During the 1928 presidential campaign, the Republican party claimed that if Herbert Hoover won” There would be a chicken in every pot…”
Hoover won, but seven months later the stock market crashed and plunged the country into the Great Depression.
Have you checked the stock market levels the last few days?
The current levelsÂ aren’t exactly inspiring.
To take my mind off our retirement going down the drain, I thought I’d share a recipe for our very own Great Recession:Â Beans in the Crockpot.
Did you know that using dry beans is all kinds of less expensive than purchasing canned beans?Â Even with buying organic dried beans I figure I’m saving around 43-50%.
Buying beans in bulk is much cheaper than in these little bags. But I just happened onto a killer deal the other day at my health food store and grabbed a couple of these.
Then there is the issue ofÂ BPA leaching into the plastic used in the linings of metal cans.
If you’ve never used dried beans, may I just let you know that they taste much better than canned.
Plus you can add your own fresh garlic and other seasonings.
But most importantly, making beans in your crockpot is easy.Â I promise.
First, dump your beans into a colander.Â You are going to want to rinse and sort them.Â By sorting I mean you will want to pick out anything funky looking.Â Broken beans, teeny stones (it happens), shriveled up beans, etc.
After rinsing your beans put them into a bowl and add enough water to cover the beans plus two or three inches.
I let my beans soak overnight on the counter in the winter.Â In the summer I stick them in the fridge.
In the morning rinse your beans again.Â The water the beans have been soaking in may be brown. That’s normal.
Now put your beans into the crockpot.Â Once again add enough water to cover plus a couple of inches.Â Don’t worry about adding too much water.Â You can always dump it out when the beans are done.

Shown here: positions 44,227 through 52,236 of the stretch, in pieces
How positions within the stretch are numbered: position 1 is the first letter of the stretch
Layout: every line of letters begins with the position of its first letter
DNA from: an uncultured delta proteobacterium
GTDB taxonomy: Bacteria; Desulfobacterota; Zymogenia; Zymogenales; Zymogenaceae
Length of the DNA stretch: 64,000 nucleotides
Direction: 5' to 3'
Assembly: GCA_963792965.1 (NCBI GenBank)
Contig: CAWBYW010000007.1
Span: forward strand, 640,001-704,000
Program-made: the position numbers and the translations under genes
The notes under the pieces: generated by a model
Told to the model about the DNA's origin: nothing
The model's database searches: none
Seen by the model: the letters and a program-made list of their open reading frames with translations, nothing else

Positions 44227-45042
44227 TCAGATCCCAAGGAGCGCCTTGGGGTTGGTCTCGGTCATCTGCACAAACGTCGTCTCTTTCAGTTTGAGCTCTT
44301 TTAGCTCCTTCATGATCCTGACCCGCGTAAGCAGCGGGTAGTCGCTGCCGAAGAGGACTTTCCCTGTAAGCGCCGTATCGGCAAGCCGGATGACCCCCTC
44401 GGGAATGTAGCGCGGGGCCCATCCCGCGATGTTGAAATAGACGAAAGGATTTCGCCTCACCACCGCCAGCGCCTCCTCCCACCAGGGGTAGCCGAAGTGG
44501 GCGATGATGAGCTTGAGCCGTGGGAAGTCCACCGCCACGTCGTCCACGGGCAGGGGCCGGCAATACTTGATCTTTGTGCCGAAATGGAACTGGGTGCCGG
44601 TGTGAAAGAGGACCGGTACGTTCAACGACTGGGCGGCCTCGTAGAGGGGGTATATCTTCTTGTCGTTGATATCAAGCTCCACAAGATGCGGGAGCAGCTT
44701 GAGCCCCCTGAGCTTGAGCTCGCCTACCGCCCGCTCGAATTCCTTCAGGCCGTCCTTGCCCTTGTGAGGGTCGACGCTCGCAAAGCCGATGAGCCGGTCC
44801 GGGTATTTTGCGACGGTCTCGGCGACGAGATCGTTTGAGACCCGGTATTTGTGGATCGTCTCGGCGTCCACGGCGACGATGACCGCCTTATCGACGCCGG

I like to add garlic and onions at this point.
However, you may hate garlic and onions.
Cover your crockpot and cook the beans on low for 8 hours.
Beans are done when tender.
Drain beans if necessary.
When your beans are cool, put about 1 2/3 cups of beans into a freezer bag and freeze!Â This about the volume you would find in a can of beans.
Beans will last about 6 months in the freezer and a week in the fridge.
I can’t tell you how many times I’ve used beans to make a pound or two of hamburger stretch.Â Just cook you hamburger as usual and when almost done toss in some beans and mix really well.Â I tend to smoosh my beans up to help hide their presence.
(Cause I have a certain someone at my house that won’t eat beans unless they are very well hidden.Â Right, Reed?)
This technique works exceptionally well when you are using the hamburger in things like tacos, burritos, pitas, and sloppy joes.
Of course I toss some beans into our trusty Vita-Mix to puree for use in Parker’s blenderized diet. When I do this though I also add some butter or olive oil. Beans are pretty low in fat, and a low fat diet is not part of Parker’s plan.
I just pop the pureed beauties into a small mason jar (be sure to leave some room for expansion!) and pop them into the freezer.
The hard part is remembering to set them out the night before I need to use them.
Did you know that beans are an excellent source of fiber, nutrients, and protein!
Still not impressed? Well, how about replacing fat in your baking using white bean puree?